• You can lose principal: Individual bonds repay the principal at maturity, barring default. Since most bond ETFs never mature, the share price of a bond ETF can fluctuate with changes in interest rates.
    • Operating expenses can add up: Passively managed ETFs tend to be a lower-cost alternative to mutual funds. However, they do charge a fee to cover the costs of the fund, known as the operating expense ratio (OER). Individual bonds do not have an OER.

    The bottom line

    Bond ETFs can provide a steady stream of income and can help reduce portfolio volatility over time. Automated investment advisory services that employ bond ETFs, like Schwab Intelligent Portfolios™, can provide a low-cost solution for obtaining fixed-income diversification.

    How Schwab Intelligent Portfolios Can Help

    Schwab Intelligent Portfolios uses only ETFs with low operating expenses, minimal bid-ask spreads and relatively close benchmark tracking—all without charging commissions. To get started with a low-cost diversified portfolio, just answer a few questions about your investment objectives, timeline and risk tolerance, and Schwab Intelligent Portfolios will build and manage your portfolio.

    Diversification strategies do not ensure a profit and do not protect against losses in declining markets.

    Investment returns will fluctuate and are subject to market volatility, so that an investor's shares, when redeemed or sold, may be worth more or less than their original cost.

    Fixed income securities are subject to increased loss of principal during periods of rising interest rates. Fixed income investments are subject to various other risks including changes in credit quality, market valuations, liquidity, prepayments, early redemption, corporate events, tax ramifications and other factors.

    Barclays U.S. Aggregate Bond Index represents securities that are SEC-registered, taxable, and dollar denominated. The index covers the U.S. investment grade fixed rate bond market, with index components for government and corporate securities, mortgage pass-through securities, and asset-backed securities. These major sectors are subdivided into more specific indices that are calculated and reported on a regular basis.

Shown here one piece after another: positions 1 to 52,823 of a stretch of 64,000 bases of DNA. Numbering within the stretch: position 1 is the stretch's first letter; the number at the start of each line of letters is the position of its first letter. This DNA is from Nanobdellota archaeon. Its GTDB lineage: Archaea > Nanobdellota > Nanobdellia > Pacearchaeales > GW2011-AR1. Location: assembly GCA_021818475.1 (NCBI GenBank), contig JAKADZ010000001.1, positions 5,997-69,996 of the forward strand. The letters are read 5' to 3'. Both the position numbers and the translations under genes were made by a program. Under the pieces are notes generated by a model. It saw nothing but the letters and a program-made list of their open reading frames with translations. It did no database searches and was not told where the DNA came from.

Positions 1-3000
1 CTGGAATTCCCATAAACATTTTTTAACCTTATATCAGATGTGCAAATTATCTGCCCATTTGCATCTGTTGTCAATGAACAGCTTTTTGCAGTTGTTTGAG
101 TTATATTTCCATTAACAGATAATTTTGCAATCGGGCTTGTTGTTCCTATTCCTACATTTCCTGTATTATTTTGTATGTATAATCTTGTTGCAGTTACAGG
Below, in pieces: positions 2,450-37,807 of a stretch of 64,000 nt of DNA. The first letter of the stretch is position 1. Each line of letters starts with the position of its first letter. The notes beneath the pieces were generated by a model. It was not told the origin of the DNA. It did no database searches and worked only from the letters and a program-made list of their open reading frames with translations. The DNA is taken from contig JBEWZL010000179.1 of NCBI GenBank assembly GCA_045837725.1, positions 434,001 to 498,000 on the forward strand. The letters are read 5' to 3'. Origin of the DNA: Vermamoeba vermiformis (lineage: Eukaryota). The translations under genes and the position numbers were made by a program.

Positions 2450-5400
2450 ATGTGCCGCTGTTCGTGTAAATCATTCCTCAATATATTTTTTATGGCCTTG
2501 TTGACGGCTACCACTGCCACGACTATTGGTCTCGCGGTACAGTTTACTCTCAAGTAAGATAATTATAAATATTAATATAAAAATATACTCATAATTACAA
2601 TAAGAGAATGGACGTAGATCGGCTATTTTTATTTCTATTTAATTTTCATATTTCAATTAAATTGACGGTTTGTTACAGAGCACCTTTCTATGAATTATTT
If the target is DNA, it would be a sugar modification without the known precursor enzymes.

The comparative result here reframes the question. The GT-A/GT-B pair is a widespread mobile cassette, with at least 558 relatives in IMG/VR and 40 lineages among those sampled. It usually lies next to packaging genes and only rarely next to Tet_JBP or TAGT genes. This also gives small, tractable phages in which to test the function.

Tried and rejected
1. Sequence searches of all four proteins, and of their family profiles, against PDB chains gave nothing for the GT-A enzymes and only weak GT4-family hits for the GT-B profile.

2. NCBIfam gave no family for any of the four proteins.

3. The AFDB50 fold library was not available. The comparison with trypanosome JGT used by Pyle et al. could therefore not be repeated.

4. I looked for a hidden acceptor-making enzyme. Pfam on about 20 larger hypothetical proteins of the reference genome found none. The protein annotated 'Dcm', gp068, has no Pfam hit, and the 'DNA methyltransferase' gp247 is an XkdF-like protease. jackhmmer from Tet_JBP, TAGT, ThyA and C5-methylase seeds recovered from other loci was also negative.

There is no advisory fee or commissions charged for Schwab Intelligent Portfolios. For Schwab Intelligent Portfolios Premium, the advisory fees consist of $300 upon enrollment and an additional $30 per month charged on a quarterly basis as detailed in the Schwab Intelligent Portfolios Solutions™ disclosure brochures.  Investors in Schwab Intelligent Portfolios and Schwab Intelligent Portfolios Premium (collectively, "Schwab Intelligent Portfolios Solutions") do pay direct and indirect costs. These include ETF operating expenses which are the management and other fees the underlying ETFs charge all shareholders. The portfolios include a cash allocation to a deposit account at Schwab Bank. Our affiliated bank earns income on the deposits, and earns more the larger the cash allocation is. The lower the interest rate Schwab Bank pays on the cash, the lower the yield. Some cash alternatives outside of Schwab Intelligent Portfolios Solutions pay a higher yield. Deposits held at Schwab Bank are protected by FDIC insurance up to allowable limits per depositor, per account ownership category. Schwab Intelligent Portfolios Solutions invests in Schwab ETFs. A Schwab affiliate, Charles Schwab Investment Management, receives management fees on those ETFs. Schwab Intelligent Portfolios Solutions also invests in third party ETFs. Schwab receives compensation from some of those ETFs for providing shareholder services, and also from market centers where ETF trade orders are routed for execution. Fees and expenses will lower performance, and investors should consider all program requirements and costs before investing. Expenses and their impact on performance, conflicts of interest, and compensation that Schwab and its affiliates receive are detailed in the Schwab Intelligent Portfolios Solutions disclosure brochures.